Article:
Zoe Organics Strides Past Stumbles Into Stores

Zoe Organics founder Heather Hamilton has learned a lesson she’d rather have skipped: sometimes a retail setback can position a business for better store success.

The mom and baby brand launched on Nordstrom’s website and at Pharmaca this month following a two-year stint at Target, where a move from pre-/post-natal sections to feminine product aisles confused shoppers and led to its exit. Although short-lived, Zoe Organics’ stretch at Target strengthened its production, training, pricing and sales to help the brand support major retailers, including possibly Target again, as it pushes forward.

Zoe Organics

“Target meant big exposure for Zoe Organics, and it challenged us to get all of our ducks in a row and build out our foundation,” says Hamilton. “It was really discouraging when no one could find us there and it was a really hard time in the business, but the whole experience taught us so much. It was necessary for us to go through all the steps to get to where we are today.”

A significant step was moving production to an outside manufacturer. Zoe Organics had to find a manufacturer quickly to ready seven stockkeeping units for Target on a tight schedule. Hamilton seized upon a referral from another brand and secured a manufacturer sight unseen. The Target-bound products were made on time. However, quality control issues arose, and Zoe Organics opted to address them by switching manufacturers.

“I would highly recommend going out to meet with the manufacturer in person, visit the facility and just ask a lot of questions about their GMPs [good manufacturing practices],” says Hamilton. “We were just in such a hurry. We had about five months to deliver a lot of product. With our current manufacturer, it will be about a year from the time we started working with them until when we are going to have the product available.”

Zoe Organics

The quality control hiccups were coupled with a forecasting miscalculation. Zoe Organics erred by purchasing an amount that was well over the minimum. “Now, I would be a little more cautious. I might stay closer to the manufacturing minimums,” says Hamilton. “This is where having a really good manufacturing partner comes in. If they are really good and want to work with you, they will understand these things and be able to adapt. It’s critical to find a manufacturer that really looks at the relationship as a partnership.”

To shore up the retail end of its operations, Zoe Organics has hired a vice president of sales who manages sales reps and doubled down on training. At retail staff trainings, a member of the company’s core team of four is on hand to relay its message of meticulous formulation with the cleanest certified organic ingredients in the baby and mom products segment. Associating with less committed intermediaries hasn’t been beneficial for Zoe Organics.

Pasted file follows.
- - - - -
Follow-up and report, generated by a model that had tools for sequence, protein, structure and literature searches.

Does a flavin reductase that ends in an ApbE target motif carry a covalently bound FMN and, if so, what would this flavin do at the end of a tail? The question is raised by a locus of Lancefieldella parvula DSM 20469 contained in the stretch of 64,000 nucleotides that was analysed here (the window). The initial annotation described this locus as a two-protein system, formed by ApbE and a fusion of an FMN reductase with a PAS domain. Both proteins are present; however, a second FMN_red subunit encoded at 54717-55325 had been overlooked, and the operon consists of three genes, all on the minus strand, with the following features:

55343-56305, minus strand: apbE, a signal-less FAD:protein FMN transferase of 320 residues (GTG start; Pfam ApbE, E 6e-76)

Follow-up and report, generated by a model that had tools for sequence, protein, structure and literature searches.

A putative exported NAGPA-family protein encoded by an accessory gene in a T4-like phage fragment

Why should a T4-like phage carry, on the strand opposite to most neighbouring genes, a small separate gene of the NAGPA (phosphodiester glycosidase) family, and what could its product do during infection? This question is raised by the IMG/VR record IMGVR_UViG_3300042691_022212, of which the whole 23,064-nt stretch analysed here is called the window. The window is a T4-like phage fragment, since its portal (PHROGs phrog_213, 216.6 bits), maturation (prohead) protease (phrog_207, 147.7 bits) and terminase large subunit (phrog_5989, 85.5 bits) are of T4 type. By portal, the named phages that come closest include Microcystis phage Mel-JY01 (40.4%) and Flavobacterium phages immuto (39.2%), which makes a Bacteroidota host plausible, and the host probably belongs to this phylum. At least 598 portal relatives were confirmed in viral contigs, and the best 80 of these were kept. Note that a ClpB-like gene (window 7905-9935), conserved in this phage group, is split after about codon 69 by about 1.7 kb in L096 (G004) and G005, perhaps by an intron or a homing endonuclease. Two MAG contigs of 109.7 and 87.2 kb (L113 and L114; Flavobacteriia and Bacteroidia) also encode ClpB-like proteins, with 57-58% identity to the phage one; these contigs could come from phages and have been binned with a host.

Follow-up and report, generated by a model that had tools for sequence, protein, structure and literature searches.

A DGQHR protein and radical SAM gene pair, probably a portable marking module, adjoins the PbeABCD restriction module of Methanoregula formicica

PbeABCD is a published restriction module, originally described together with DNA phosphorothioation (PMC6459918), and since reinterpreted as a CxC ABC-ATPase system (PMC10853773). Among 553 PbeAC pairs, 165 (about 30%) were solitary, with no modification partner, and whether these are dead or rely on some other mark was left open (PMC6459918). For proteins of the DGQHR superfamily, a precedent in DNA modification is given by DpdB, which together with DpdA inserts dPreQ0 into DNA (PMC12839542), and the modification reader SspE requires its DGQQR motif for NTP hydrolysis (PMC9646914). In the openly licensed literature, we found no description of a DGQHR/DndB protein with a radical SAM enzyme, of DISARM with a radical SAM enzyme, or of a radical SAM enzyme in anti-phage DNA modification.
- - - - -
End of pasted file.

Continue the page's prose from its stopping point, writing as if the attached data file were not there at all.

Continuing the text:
“Target assigned us a broker, and this broker worked with huge companies. We were just this tiny little brand that wasn’t making them a ton of money, and I think that hurt us,” says Hamilton “We didn’t feel like we had anyone who was fighting for our brand and cheering for us. Finding the right broker is critical to your success at Target. They are the ones having the communication with Target, not you.”

Zoe Organics

When Hamilton began Zoe Organics in 2010, she didn’t envision the brand at mass-market stores. She saw it residing in Nordstrom. Until recently, Nordstrom had a different idea. “We would reach out to talk about what the brand was doing. We would get a response back, ‘Oh, what beautiful packaging you have.’ We would send samples, and we wouldn’t hear back,” recalls Hamilton. “The beginning of this year, when we reached out, they said, ‘We are going to be reviewing the mom and baby sets.’ We sent our products, and it ended up working out. We always felt it was a good fit, but I think we finally convinced them it was a good fit.”

Even as Zoe Organics heads into the prestige retail arena with Nordstrom, the brand is shoring itself up for broader audiences. It’s lowered prices to keep products under $30. “With the ability to scale, our pricing can stay competitive,” says Hamilton. “I never wanted to price the products higher than what I would be able to afford or what my friends would be able to afford. I always thought that would be ridiculous.”

Zoe Organics has ambitions of breaking into Nordstrom’s physical doors and is pitching its products to Target again. “Target has been a big player bringing in a lot of small indie brands. That’s what millennials really want, and our customers want so badly to be able to stop by a Target and pick up a diaper balm when they run out. The convenience of finding the products is important,” says Hamilton. “My strategy has changed from looking at the brand as such a premium line. We want to be available everywhere. We really do want to be a household name.”